At first, numerical analyze has been carried out with constant gravity 9.81 m s^{2} and the amount of drained water in 0.2 sec has been determined as baseline. Following the baseline, numerical analyze has been renewed to simulate mechanical impact which is applied to the evaporator in 0.2 sec. The acceleration induced to the evaporator has been implemented to the system as the change of gravity. In that case, the total mass of water collected in one hour increases 15% approximately. In Figure 6, time dependent volume changes of liquid (water) and gas (air) phases are illustrated with water volume fraction contours. Numerical results with constant gravity g = 9.81 m s^{2} is represented by Figure 6a whilst Figure 6b shows the approach aimed by the present study based variable gravity concerning local mean of acceleration. Tube layout for the heat exchanger in the present study is staggered tube banks whereas an arrangement of tubes in a zigzag formation are set to amplify heat transfer, thereby phase change. Once it may relatively be extracted from Figure 6, staggered tube banks also adversely affect water drainage process interrupting water streams through condensate collecting pot. In order to prevail over this incident, different arrangements can numerically be investigated to find optimal design criterion considering both heat and mass transfer. The heat exchanger in the present study was designed by using commercial design and optimization of aircooled heat exchanger tool mainly concerning heat transfer side [33]. Moreover, a considerable amount of condensate is also swept forward due to continuous air circulation throughout heat pump cycle. Yet a broader condensate collecting pot might be attached to the system, structural restrictions prevent the designers currently to refrain this condensate lost. All in all, CFD study carried out herewith boundary conditions, which has a reasonable agreement with experimental study, facilitates a reliable numerical study so as to investigate water drainage performance of tube bank heat exchangers.
Figure 6. Timedependent change of volume fraction liquid water: a) constant gravity; b) variable gravity with UDF
Water drainage performance of heat pump AWG has been examined by influencing evaporator mechanically. Aside from AWG without any attachment, the effect of mechanical impact (MIP) and vibration (AIV) have respectively been assessed based on collected condensate underneath evaporator. Experimental results indicate that 11.6% increase has been achieved in average on the total amount of condensation by AWG with AIV according to comparison against baseline AWG. Likewise, 18% increase has been succeeded by AWG with MIP that may be specified as maximum amount of condensation among all setups realized in the scope of the present study. Results clearly indicate that mechanically influenced system bring evident increases. A numerical study has also been prompted to illustrate water drainage performance of evaporator at AWG with MIP. To come up with a quick and costeffective method, condensation was purposefully neglected in which a filmwise condensation was assumed instead. Comparison shows that numerical approach can be considered in order to foresee water drainage performance of evaporator under mechanical influence before settling up an experimental campaign. Furthermore, several improvements can still be needed to achieve a more efficient water drainage process. Vibration frequencies, impact frequencies and run standby intervals in different ranges should be examined in detail to maximize system efficiency in a broad perspective on the experimental side. On the numerical side, it would be appropriate to conduct a numerical study which investigates the effect of mechanical effects by modeling condensation. A numerical study examining water drainage process for different tube bank arrangements might even be beneficial to increase the amount of condensate collected into pot.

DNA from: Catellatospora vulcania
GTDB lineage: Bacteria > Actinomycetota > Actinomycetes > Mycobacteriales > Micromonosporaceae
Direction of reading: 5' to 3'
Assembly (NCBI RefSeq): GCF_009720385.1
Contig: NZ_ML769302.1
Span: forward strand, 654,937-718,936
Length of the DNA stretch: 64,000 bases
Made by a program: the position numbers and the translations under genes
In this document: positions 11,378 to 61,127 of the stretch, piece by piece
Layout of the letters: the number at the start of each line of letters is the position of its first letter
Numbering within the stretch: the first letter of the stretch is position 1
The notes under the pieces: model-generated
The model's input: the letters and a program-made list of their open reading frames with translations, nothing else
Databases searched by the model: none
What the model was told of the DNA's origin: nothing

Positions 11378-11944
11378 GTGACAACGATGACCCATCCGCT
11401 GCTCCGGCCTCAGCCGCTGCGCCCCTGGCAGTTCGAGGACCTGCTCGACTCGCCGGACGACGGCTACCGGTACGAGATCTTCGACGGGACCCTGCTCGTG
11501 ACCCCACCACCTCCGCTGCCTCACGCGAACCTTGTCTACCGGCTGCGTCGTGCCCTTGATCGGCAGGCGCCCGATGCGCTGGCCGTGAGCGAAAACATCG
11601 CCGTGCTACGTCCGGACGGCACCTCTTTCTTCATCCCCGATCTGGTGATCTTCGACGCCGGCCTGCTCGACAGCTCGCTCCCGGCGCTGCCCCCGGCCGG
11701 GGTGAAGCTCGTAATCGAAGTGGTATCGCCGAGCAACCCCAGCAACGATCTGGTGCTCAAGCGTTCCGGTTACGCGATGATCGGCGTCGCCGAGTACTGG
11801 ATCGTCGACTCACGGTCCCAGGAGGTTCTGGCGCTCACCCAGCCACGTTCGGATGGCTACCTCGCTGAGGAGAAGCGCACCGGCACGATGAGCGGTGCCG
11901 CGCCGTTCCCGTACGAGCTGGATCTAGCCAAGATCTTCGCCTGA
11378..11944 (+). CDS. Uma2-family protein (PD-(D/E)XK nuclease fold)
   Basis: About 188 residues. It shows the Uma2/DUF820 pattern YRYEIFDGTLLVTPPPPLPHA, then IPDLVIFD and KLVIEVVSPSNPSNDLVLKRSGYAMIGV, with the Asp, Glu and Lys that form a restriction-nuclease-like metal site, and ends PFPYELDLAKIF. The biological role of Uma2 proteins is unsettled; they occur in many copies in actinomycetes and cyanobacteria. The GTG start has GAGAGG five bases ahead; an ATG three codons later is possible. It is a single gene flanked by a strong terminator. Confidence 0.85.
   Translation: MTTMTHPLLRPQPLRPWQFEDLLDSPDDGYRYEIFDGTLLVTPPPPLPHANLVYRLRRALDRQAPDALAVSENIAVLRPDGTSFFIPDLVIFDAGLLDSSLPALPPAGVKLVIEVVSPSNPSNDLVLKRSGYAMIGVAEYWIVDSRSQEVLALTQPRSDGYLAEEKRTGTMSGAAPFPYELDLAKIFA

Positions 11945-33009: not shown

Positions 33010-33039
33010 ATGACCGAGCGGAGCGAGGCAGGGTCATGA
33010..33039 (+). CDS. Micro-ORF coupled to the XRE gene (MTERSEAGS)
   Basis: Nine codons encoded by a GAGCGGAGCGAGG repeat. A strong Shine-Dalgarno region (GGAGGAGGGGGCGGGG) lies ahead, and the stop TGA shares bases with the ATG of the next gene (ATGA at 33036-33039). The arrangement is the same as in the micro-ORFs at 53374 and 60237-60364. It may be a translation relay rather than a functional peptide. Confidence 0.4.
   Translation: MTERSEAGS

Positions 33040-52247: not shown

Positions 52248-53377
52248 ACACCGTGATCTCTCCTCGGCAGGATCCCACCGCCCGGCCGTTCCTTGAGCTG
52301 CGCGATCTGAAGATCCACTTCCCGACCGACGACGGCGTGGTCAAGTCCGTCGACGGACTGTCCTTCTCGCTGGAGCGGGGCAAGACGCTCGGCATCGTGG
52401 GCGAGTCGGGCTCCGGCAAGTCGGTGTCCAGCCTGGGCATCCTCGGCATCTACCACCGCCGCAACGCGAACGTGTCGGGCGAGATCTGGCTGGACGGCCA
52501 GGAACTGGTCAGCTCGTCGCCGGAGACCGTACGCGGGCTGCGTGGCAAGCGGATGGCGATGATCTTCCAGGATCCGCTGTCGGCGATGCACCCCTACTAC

The authors gratefully acknowledge support for Arcelik A.S. Research and Development Center.
a 
acceleration, m. s^{2} 

A 
heat transfer area, m^{2} 

Ca 
Capillary number 

D 
diameter, m 

g 
gravitational acceleration, m.s^{2} 

Hz 
hertz, Hz 

kg 
kilogram, kg 

kWh 
kilowatthours, kW.h 

k 
thermal conductivity, W.m^{1}. K^{1} 

L 
depth of heat transfer side along the fin 

m 
amount of condensate, kg. 

P 
Power, P. 

Re 
Reynolds number 

RH 
relative humidity, %. 

S 
standard deviation 

T 
temperature, ℃ 

U 
free stream velocity, m.s^{1} 

We 
Weber number 

AWG 
Atmospheric Water Generator 

CFD 
Computational Fluid Dynamics 

CSF 
Continuum Surface Force 

CSS 
Continuum Surface Stress 

DC 
Direct Current 

FFT 
Fast Fourier Transform 

FFTW 
Fastest Fourier Transform in the West 

MIPC 
Mechanical Impact Plate Combined 

OC 
Oscillator Combined 

PLC 
Programmable Logic Controller 

UDF 
User Defined Function 

VoF 
Volume of Fluid 

Greek symbols 

ρ 
density, kg. m^{3} 

σ 
surface tension, N. m^{1} 

υ 
kinematic viscosity, m^{2}.s^{1} 

µ 
dynamic viscosity, kg. m^{1}.s^{1} 

Ɵ 
contact angle 

τ 
stress tensor 

Subscripts 


h 
hydroulic 

eff 
effective 

w 
water 

pq 
mass transfer from phase p to q 

qp 
mass transfer from phase q to p